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Monday, December 19, 2016

Centralized Procurement: Theory vs Practice

In theory, theories work.  In practice, they often do not.  Whether practice does or does not comport with theory is often dependent on the vision the theorists have and convey vs the commitment and practices the practitioners decide to use to implement the theory. "'Tis many a slip twixt cup and lip", as they say.

The following is yet another example of a good idea gone wrong because it was gleefully exaggerated and politically oversold. Implementation requires good management, but so does planning. If you plan for the unreasonable, no amount of good management will get you to the final vision.

Cabinet Office did not get departmental buy-in for shared procurement plans, says spending watchdog

The UK government’s attempts to reform central buying through the Crown Commercial Service (CCS) was launched in April 2014, bringing in staff from the Government Procurement Service, with a mandate to buy common goods and services directly rather than simply creating frameworks for departments to use.

But a new report by the National Audit Office ("NAO") says the Cabinet Office was too reliant on this mandate, and “severely underestimated the difficulty of implementing joint buying across government”.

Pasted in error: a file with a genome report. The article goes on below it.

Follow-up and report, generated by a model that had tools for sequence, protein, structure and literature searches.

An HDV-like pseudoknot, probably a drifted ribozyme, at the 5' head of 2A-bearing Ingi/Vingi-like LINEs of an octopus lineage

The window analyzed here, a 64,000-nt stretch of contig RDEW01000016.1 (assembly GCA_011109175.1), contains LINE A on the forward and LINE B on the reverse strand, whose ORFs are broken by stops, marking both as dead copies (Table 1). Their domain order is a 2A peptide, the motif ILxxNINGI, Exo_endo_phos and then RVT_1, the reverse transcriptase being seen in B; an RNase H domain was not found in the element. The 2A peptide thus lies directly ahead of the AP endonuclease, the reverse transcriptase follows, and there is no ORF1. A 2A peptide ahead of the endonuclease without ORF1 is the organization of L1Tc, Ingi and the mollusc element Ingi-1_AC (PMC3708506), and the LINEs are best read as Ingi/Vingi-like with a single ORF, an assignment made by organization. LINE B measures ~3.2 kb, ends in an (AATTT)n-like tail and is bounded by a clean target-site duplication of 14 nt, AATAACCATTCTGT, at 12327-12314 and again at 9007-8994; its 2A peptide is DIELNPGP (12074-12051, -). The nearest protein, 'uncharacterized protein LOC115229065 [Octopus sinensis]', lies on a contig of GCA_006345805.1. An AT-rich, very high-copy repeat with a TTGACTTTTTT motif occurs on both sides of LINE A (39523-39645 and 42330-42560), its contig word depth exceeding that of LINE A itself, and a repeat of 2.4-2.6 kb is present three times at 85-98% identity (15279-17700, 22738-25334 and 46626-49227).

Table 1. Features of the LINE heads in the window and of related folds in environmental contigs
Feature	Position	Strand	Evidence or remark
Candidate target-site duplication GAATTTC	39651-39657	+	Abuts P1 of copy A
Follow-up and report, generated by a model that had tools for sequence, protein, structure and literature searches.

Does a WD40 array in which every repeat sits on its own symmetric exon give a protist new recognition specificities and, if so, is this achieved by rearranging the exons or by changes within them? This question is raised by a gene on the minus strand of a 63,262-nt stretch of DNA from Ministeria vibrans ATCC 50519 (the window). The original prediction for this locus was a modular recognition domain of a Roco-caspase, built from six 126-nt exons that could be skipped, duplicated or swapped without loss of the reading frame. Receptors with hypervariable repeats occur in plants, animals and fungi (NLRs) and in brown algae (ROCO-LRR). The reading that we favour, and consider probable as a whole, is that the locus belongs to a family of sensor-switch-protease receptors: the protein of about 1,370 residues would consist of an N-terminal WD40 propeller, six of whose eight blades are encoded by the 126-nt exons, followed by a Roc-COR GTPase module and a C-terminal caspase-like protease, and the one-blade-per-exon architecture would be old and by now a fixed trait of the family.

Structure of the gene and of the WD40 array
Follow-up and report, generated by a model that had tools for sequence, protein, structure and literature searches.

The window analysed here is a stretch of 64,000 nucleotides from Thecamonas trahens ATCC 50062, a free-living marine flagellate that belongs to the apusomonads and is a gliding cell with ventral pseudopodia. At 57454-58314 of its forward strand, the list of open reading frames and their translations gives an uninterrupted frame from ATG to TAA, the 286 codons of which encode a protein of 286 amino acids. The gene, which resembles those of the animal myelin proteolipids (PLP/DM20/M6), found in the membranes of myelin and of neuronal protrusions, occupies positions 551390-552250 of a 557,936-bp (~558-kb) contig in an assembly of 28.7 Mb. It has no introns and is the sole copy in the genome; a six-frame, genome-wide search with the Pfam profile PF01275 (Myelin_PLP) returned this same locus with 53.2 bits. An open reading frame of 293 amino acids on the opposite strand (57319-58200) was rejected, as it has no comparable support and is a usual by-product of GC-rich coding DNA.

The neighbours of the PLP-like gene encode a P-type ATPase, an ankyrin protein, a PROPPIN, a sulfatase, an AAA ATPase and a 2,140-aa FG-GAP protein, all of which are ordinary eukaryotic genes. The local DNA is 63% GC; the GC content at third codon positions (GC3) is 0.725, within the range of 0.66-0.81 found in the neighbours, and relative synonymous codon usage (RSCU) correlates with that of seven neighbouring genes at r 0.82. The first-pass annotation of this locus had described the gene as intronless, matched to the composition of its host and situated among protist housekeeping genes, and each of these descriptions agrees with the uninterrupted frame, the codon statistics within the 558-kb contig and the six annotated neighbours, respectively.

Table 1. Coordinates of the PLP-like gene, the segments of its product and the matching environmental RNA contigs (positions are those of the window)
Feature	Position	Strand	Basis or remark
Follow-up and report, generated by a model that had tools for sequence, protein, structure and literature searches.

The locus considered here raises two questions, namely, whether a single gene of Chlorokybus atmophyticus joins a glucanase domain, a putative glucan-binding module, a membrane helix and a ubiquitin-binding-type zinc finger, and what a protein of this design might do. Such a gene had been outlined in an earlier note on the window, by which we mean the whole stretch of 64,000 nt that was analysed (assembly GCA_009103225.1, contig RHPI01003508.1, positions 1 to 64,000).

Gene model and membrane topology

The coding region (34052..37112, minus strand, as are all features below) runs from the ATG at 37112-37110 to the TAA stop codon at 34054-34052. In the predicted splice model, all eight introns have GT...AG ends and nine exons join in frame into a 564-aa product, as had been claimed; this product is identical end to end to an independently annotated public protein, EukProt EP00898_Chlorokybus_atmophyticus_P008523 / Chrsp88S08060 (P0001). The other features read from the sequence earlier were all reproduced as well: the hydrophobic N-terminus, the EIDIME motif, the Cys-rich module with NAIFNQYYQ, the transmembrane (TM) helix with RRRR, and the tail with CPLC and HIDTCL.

Cabinet Office underestimated difficulty of procurement reform, say auditors
In theory, central buying should achieve very large savings, the NAO said. But it was not clear what spending should be centralised. It said the Cabinet Office relied on a Cabinet committee mandate to get departments to transition services quickly, and did not consider how it would manage them once services were transitioned.

Overall, the CCS has not achieved its ambitions, which the NAO believes were not realistic. The Cabinet Office’s plan to create the service “wrongly estimated both the activities and the amount of goods and services that were appropriate to be bought centrally.” Auditors recommended that the Cabinet Office should reiterate the mandate for CCS in central government, and set clear expectations for those departments yet to transfer their buying of common goods and services to CCS.

Auditor general Amyas Morse said that without a sound overarching business case or a detailed implementation plan, it is not surprising that the Crown Commercial Service rapidly ran into difficulties. “It is particularly disappointing that the Cabinet Office has not tracked net costs and benefits,” he added. “Because of this, it is not possible to show that CCS has achieved more than departments would otherwise have achieved by buying common goods and services themselves.”
CCS centralised buying in the public sector isn’t working yet, but worth pursuing
Something’s not working somewhere. CCS was set up in 2014 with an objective of saving £3.3 billion in procurement spend by 2018. For the 2015/2016 period, it’s claimed that £521 million of savings can be attributed to CCS. Some £12.8 billion of spending by central government and public sector organisations uses CCS frameworks for the deals.